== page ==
If you have an older garage door opener, and you notice the chain is starting to sag more, the top drive sprocket may be leaning toward the garage door. Drive sprocket shafts are encased in bushings that will eventually wear out and fail. This part will need to be replaced.
When inspecting the chain drive sprocket on top of your garage door opener, you may notice all the teeth are missing. This will definitely cause the chain to sag, and it will throw off your limit settings because the chain is slipping. This part will need to be replaced.
Front Chain Pulley is Cracked or Missing
The last thing I would check if the chain on your garage door opener keeps getting loose is the front pulley. All openers with chains, belts, and cables have a front pulley that is usually made of plastic on newer openers.
If this pulley is cracked or missing altogether, your chain will sag. This part will need to be replaced immediately, so you don’t further damage any other parts or your door.
Chain Came Off Garage Door Opener
If the chain has come completely off on your garage door opener, you most likely have a failed drive sprocket on top of the motor. This is common around the 8-12 year mark with openers due to natural wear and tear. The drive sprocket or complete gear assembly will need to be replaced depending on your model.
Lubricating Garage Door Chain and Rail
The best way to lubricate a garage door chain or rail is with some basic low temp grease. You want to make sure to lightly apply the grease, as a little goes a long way. You can use spray lubricants as well, but they do have a tendency to drip down onto vehicles or the floor.
Can You Use Wd-40 on a Garage Door Chain?
Do not use WD-40 to lubricate anything on your garage door or opener. WD-40 is not a lubricant, and it will strip off any oil or grease you have on metal components. This is why it’s so good at removing thick substances like tar.
We wrote a more extensive article that explains what should be used to lubricate a garage door.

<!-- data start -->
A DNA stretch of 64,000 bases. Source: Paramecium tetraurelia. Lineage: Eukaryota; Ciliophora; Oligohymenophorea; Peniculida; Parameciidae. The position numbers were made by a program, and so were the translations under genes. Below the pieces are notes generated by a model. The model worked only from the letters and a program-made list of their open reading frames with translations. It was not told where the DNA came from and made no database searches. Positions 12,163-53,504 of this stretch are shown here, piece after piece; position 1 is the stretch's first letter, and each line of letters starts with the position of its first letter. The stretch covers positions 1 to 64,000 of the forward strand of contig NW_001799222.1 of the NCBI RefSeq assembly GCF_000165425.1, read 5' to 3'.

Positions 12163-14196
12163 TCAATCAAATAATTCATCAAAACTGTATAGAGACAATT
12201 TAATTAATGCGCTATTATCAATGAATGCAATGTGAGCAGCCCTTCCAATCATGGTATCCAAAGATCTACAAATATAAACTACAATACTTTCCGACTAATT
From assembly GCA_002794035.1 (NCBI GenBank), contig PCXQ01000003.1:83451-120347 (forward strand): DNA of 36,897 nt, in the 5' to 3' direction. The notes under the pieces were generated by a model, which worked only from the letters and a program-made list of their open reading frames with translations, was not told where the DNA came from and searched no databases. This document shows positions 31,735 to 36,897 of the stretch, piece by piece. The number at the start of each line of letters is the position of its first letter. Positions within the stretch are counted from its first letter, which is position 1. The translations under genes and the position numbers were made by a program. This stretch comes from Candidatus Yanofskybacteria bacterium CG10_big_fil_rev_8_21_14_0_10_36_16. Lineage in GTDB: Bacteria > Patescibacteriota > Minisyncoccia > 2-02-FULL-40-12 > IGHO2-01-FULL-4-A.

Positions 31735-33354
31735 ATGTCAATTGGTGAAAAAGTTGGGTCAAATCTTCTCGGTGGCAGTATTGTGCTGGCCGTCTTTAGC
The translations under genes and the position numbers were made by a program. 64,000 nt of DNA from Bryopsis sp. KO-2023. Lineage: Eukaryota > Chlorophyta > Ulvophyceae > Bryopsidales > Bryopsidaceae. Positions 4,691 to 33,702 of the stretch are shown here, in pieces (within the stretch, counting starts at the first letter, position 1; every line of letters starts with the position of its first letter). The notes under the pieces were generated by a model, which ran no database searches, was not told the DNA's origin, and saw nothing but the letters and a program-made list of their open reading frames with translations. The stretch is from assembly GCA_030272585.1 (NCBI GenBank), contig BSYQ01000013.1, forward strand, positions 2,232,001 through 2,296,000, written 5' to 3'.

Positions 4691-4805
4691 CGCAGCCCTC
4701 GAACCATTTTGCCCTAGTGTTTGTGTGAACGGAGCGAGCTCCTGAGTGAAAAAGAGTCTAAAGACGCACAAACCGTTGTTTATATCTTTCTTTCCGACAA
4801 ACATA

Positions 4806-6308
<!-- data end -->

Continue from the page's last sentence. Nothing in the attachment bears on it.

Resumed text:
How Often Do You Lubricate a Garage Door Chain?
A garage door chain or rail can be lubricated once a year if needed. Lubrication of any mechanical parts is highly dependent on usage and the climate you live in.
How to Reattach a Garage Door Chain
If the chain has come off your garage door opener because of binding or contact with the door, it may just need to be reinstalled. This first involves loosening the chain tensioner completely.
Once the tensioner is loose, you can install the chain around the sprocket and reinstall the tensioner into the trolley inner slide. You can now tighten the chain, so it’s about 1/4” above the bottom of the rail in the middle.
PRO TIP: Verifying Travel Limits
Whenever you are installing a chain or belt on a garage door opener, you need to know where the travel limits are. On newer openers with electronic limits, this won’t make a difference. But, it does with older openers with manual limits.
Travel limits determine which way the opener will start to run on the next cycle. For instance, brown is down and yellow is up on a Chamberlain opener. If the travel limit is touching brown, you need to make sure the trolley inner slide is in the down position when reinstalling a belt or chain. Otherwise, your limits will be set backwards.
How Long Does a Garage Door Chain Last?
We have never really seen a garage door chain fail. Other parts are on your opener like drive gears, sprockets, front pulleys, and carriages will fail before the chain will. We have seen the cable fail on garage door openers that are 50/50 chain and cable. With that being said, it takes a long time for the cable to wear out.
How Much to Replace a Garage Door Chain?
If you are replacing the chain on your garage door opener yourself, you can expect to pay around $40-$70 for the part, depending on where you purchase from. If you are having a garage door company replace the chain, you can expect to pay around $140-$200 depending on your location.
Can a Loose Chain Cause a Garage Door Not to Close?